The snow has all melted and I have a very sad and unhappy puppy. She’s more of a snow person than me…and that’s hard to do. As much as she normally hates to walk, she loves to walk in the snow. According to my pedometer we walked over 3 miles each day (which is a lot for a dog who never goes on walks) and just shy of 5 miles on the last day the snow was here. If we lived in snow country she would be the fittest dog…and I probably would be in much better shape as well. 🙂 In case you are wondering she won’t go on walks now that the snow is gone. She’s a snot like that.
Along with the snow went away the cold temperatures as well. And though 45F can’t be considered balmy, it’s not the kind of chill I go for. I like the kind of weather that once all cozy in bed you sit there a debate for a long period of time if it’s worth freezing your butt off to run to the bathroom. The kind that involves lots of layers and thick socks. The kind that invokes cooking stews or soups. And of course the kind that makes you crave hot chocolate…with marshmallows.
When I have the time I do like to make my own marshmallows. Which nowadays more and more flavors are offered but that didn’t used to be the case and I pretty sure you can’t get these commercially. I figured I would make Malted Milk Marshmallows to give my cocoa the taste of Whoppers when it melts into the cocoa. That’s pretty much what it does. Especially when you are like me and keep adding marshmallows as they melt. 🙂
Here some pictures from the snow.
Malted Milk Marshmallows
3 packages unflavored gelatin
1 cup ice cold water, divided
12 ounces granulated sugar
1 cup light corn syrup
¼ tsp. kosher salt
1 tsp. vanilla extract
3 ounces malted milk powder
¼ cup powdered sugar
¼ cup cornstarch
Place the gelatin into the bowl of a stand mixer along with 1/2 cup of the water. Have the whisk attachment standing by.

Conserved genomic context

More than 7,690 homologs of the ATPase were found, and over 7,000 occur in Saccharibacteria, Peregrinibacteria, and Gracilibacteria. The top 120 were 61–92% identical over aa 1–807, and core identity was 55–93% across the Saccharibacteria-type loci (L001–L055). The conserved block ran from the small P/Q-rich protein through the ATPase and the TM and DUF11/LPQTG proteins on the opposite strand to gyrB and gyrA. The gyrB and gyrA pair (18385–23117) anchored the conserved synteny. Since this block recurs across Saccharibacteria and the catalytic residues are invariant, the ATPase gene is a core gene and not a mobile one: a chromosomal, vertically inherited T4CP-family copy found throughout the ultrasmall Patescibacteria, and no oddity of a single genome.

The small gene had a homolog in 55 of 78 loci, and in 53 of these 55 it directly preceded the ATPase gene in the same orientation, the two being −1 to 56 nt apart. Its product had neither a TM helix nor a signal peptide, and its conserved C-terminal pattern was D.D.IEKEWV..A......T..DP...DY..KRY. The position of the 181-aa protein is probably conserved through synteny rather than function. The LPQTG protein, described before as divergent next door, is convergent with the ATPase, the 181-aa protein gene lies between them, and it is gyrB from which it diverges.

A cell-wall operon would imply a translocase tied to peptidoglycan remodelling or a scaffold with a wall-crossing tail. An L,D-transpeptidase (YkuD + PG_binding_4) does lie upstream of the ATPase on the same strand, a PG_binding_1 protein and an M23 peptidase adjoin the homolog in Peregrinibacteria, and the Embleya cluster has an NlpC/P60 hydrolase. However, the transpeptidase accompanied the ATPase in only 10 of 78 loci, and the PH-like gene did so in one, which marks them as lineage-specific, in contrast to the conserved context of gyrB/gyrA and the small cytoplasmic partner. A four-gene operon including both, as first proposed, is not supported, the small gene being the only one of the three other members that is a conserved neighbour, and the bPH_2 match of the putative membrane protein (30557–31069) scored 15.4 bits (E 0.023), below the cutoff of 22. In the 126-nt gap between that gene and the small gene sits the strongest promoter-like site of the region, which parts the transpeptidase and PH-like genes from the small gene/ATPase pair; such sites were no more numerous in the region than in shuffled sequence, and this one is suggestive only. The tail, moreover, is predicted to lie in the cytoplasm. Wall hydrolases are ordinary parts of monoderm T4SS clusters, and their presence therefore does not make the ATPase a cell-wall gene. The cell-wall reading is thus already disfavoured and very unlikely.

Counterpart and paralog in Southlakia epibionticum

In a small saucepan combine the remaining ½ cup water, granulated sugar, corn syrup and salt. Place over medium high heat, cover and allow to cook for 3 to 4 minutes. Uncover, clip a candy thermometer onto the side of the pan and continue to cook until the mixture reaches 240 degrees F, approximately 7 to 8 minutes. Once the mixture reaches this temperature, immediately remove from the heat.
Turn the mixer on low speed and, while running, slowly pour the sugar syrup down the side of the bowl into the gelatin mixture. Once you have added all of the syrup, increase the speed to medium. Add powdered malted milk at this time, 1 TPSP at a time to avoid it spitting back at you (you know, like a llama). Bring speed up to high when all malted milk is in. Continue to whip until the mixture becomes very thick and is lukewarm, approximately 12 to 15 minutes. Add the vanilla during the last minute of whipping. While the mixture is whipping prepare the pans as follows.
Combine the powdered sugar and cornstarch in a small bowl. Lightly spray a 13-by-18-inch metal jelly roll pan with nonstick cooking spray. Add the sugar and cornstarch mixture and move around to completely coat the bottom and sides of the pan. Return the remaining mixture to the bowl for later use.
When ready, pour the mixture into the prepared pan, using a lightly oiled spatula for spreading evenly into the pan. Dust the top with enough of the remaining sugar and cornstarch mixture to lightly cover. Reserve the rest for later. Allow the marshmallows to sit uncovered for at least 4 hours and up to overnight.
Turn the marshmallows out onto a cutting board and cut into leaves or any shape for that matter, with a cookie cutter dusted with the powdered sugar mixture. Once cut, lightly dust all sides of each marshmallow with the remaining mixture, using additional if necessary. Store in an airtight container for up to 3 weeks.
Adapted from Alton Brown Food Network.com